The hairy legs of the ogre-faced spider allow it to hear sound vibrations from up to six feet away — even though it has no actual ears — a study has found.

Experts from the US found that the arachnids — named for their massive eyes, which provide great night vision — can pick up on both low and high frequency sound.

Their legs — and the joint receptors within — pick up on the vibrations, letting them perform feats like catching prey outside of their vision using backwards strikes.

Ogre-faced spiders — formally known as Deinopis spinosa — can be found in Australia, America and Asia.

The hairy legs of the ogre-faced spider, pictured, allow it to hear sound vibrations from up to six feet away — even though it has no actual ears — a study has found

The hairy legs of the ogre-faced spider, pictured, allow it to hear sound vibrations from up to six feet away — even though it has no actual ears — a study has found

The hairy legs of the ogre-faced spider, pictured, allow it to hear sound vibrations from up to six feet away — even though it has no actual ears — a study has found

‘I actually put dental silicone over their eyes so they couldn’t see,’ said paper author and neuroethologist Jay Stafstrom of Cornell University, in Ithaca, New York.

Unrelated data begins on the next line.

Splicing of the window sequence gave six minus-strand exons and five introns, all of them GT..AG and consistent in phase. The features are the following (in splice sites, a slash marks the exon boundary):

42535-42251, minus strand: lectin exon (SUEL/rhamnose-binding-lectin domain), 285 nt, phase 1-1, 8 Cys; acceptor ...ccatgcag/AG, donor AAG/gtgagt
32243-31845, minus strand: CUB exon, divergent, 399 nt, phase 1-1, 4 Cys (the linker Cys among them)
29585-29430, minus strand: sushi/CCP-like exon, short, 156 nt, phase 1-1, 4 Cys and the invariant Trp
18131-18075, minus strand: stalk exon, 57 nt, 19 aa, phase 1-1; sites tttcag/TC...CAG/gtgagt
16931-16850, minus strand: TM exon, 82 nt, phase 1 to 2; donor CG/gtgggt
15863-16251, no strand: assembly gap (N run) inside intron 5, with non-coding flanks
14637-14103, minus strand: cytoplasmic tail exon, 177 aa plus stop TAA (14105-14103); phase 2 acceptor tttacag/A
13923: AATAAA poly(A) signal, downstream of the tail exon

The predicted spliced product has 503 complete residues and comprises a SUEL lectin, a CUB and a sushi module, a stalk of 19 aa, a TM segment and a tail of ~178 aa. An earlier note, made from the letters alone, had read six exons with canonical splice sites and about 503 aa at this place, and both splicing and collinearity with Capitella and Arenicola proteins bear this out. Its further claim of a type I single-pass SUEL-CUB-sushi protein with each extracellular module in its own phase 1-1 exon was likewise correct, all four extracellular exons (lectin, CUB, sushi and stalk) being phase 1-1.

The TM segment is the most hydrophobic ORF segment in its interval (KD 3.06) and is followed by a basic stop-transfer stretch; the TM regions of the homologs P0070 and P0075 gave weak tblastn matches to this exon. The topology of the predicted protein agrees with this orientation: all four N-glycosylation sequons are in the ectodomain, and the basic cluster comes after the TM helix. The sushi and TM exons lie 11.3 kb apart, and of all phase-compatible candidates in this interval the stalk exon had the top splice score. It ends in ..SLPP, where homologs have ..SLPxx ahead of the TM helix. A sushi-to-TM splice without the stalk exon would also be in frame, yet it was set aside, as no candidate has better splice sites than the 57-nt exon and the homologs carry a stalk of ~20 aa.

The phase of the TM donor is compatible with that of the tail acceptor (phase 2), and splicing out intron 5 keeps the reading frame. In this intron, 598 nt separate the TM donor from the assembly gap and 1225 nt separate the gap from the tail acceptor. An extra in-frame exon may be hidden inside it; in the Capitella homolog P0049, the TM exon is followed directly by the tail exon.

‘And I found that when I put them back out into nature, they couldn’t catch prey from off the ground, but they could still catch insects from out of the air.’

‘So I was pretty sure these spiders were using a different sensory system to hunt flying insects.’

Instead of spinning a web and waiting for prey to get stuck in it, ogre-faced spiders emerge at night to cast their webs — like a thrown net — onto unwary insects.

While they employ their superb night vision to catch prey on the ground, in the air they are able to perform an elaborate backwards strike — one which does not appear to rely on vision in order to be effective.

In lab tests, Dr Stafstrom and colleagues used electrodes placed in the spiders’ brains and legs to measure the arachnids’ neural responses to different tones.